ARBEIT MACHT FREI. I pass under the metal arch, “work will make you free,” and cross the railway tracks. I walk away from the crowds heading towards the crematorium and down the railroad track because I need to be alone. I’m here, and like a grown child visiting a childhood home, it’s smaller than I remember in my nightmares, and like a nightmare made real, too solid, the buildings too building-like, the trees too much like trees. Birds sing.
Many of the barracks have been made into museum displays. Several house the general exhibition: Extermination; Material Evidence of Crimes; The “Death” Block — and eight have been set aside as separate exhibitions: U.S.S.R., Poland, Czechoslovakia, Yugoslavia/Austria, Hungary, France/Belgium, Italy/Holland, The Jews. Alone, I walk into the Jewish barrack where nothing is left as it was, the building as impersonal as any museum. TV monitors show black and white loops of Jews herded into ghettos. A large blow-up photo of Anne Frank smiles down at me from the wall, a large blow-up photo of piles of dead bodies in a mass grave. Like my nightmare in Prague: the same images as in any Holocaust museum. Alone, I follow the proscribed path through the exhibition. Near the end, an homage to seven Jews in the Polish Resistance movement. What! As if the Polish Resistance didn’t sell out, turn in, sabotage, kill the Jewish Resistance in Poland.
The final room is a dark chapel lit by a single candle in the center of the floor. I press a button on the wall and a kantor’s voice sings the Kaddish, the Hebrew Song for the Dead. Near the candle, sunk into the floor, a single gravestone with a Star of David on it, cracked in half, glassed over. The candle flickers. Six million people dead, and this is what we get? A single grave, a religious song, a candle?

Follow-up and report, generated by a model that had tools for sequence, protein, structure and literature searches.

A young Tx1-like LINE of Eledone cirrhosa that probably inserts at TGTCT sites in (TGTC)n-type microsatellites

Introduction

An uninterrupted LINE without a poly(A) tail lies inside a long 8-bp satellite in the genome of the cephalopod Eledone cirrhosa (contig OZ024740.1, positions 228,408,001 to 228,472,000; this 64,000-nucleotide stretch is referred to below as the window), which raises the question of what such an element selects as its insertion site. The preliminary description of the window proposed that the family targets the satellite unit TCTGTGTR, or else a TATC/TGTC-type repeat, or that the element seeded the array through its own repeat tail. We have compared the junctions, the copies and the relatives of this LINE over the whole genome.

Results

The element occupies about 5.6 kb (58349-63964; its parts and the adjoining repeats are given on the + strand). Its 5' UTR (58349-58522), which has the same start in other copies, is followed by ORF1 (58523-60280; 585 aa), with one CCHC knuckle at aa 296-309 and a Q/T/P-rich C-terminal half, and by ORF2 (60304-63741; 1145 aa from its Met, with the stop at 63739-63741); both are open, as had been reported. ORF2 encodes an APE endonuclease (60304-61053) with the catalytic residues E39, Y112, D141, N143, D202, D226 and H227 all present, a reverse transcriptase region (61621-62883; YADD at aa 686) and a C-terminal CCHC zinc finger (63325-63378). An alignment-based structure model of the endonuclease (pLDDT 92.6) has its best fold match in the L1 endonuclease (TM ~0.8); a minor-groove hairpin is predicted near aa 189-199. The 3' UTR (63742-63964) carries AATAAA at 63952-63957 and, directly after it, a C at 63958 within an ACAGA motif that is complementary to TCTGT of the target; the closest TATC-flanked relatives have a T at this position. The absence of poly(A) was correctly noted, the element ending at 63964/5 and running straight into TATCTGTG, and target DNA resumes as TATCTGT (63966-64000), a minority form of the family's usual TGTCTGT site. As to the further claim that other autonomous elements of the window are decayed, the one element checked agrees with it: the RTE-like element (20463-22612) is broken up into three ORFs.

I walk quickly from the room back into the light, out of the barracks and into the yard.
Now I rejoin the crowds, tour the museum exhibits, cozy up to the tour groups, hear about the killing techniques, systematic starvation, torture. The experiments: irradiation, castration, twin studies, injections with contaminated blood. I see the gallery-long cases of hair, shoes, suitcases, combs and brushes, piles of wire-rimmed eyeglasses. The cans of Zyklon B gas pellets. I walk past the Wall of Death, thorough the assembly square, bright in noon sun. School kids giggle anxiously and tourists rest against the walls, pull away from the tour groups, numbed. A high school girl stands to the side of a building, her face white and running with tears.
I’m devastated by the horrors I see but confused, too. It still doesn’t feel real, a movie set. Auschwitz is too small to be Auschwitz. The evil is silent. And yet it’s here. And yet it’s not. And I notice more: No pictures of Jewish inmates, only Poles. The famous Wall of Death where they executed 10,000 people, all political prisoners: none Jewish. They wouldn’t waste a bullet on a Jew.
I’m stunned, a tourist in a tourist attraction with a political agenda; this is not really Auschwitz anymore. The focus is wrong. The Auschwitz-Birkinau State Museum, established in 1947 by the Soviet liberators, is a monument to the Polish victims of World War II, and, oh yes, all the other victims of National Socialism too. Even now, they don’t acknowledge that 90% of the people who died at Auschwitz were Jewish. They say “many.” They say “the majority.” It’s dishonest, a final disrespect. Betrayed, I walk out the gate and stand at the bus stop, waiting for part two. Birkinau.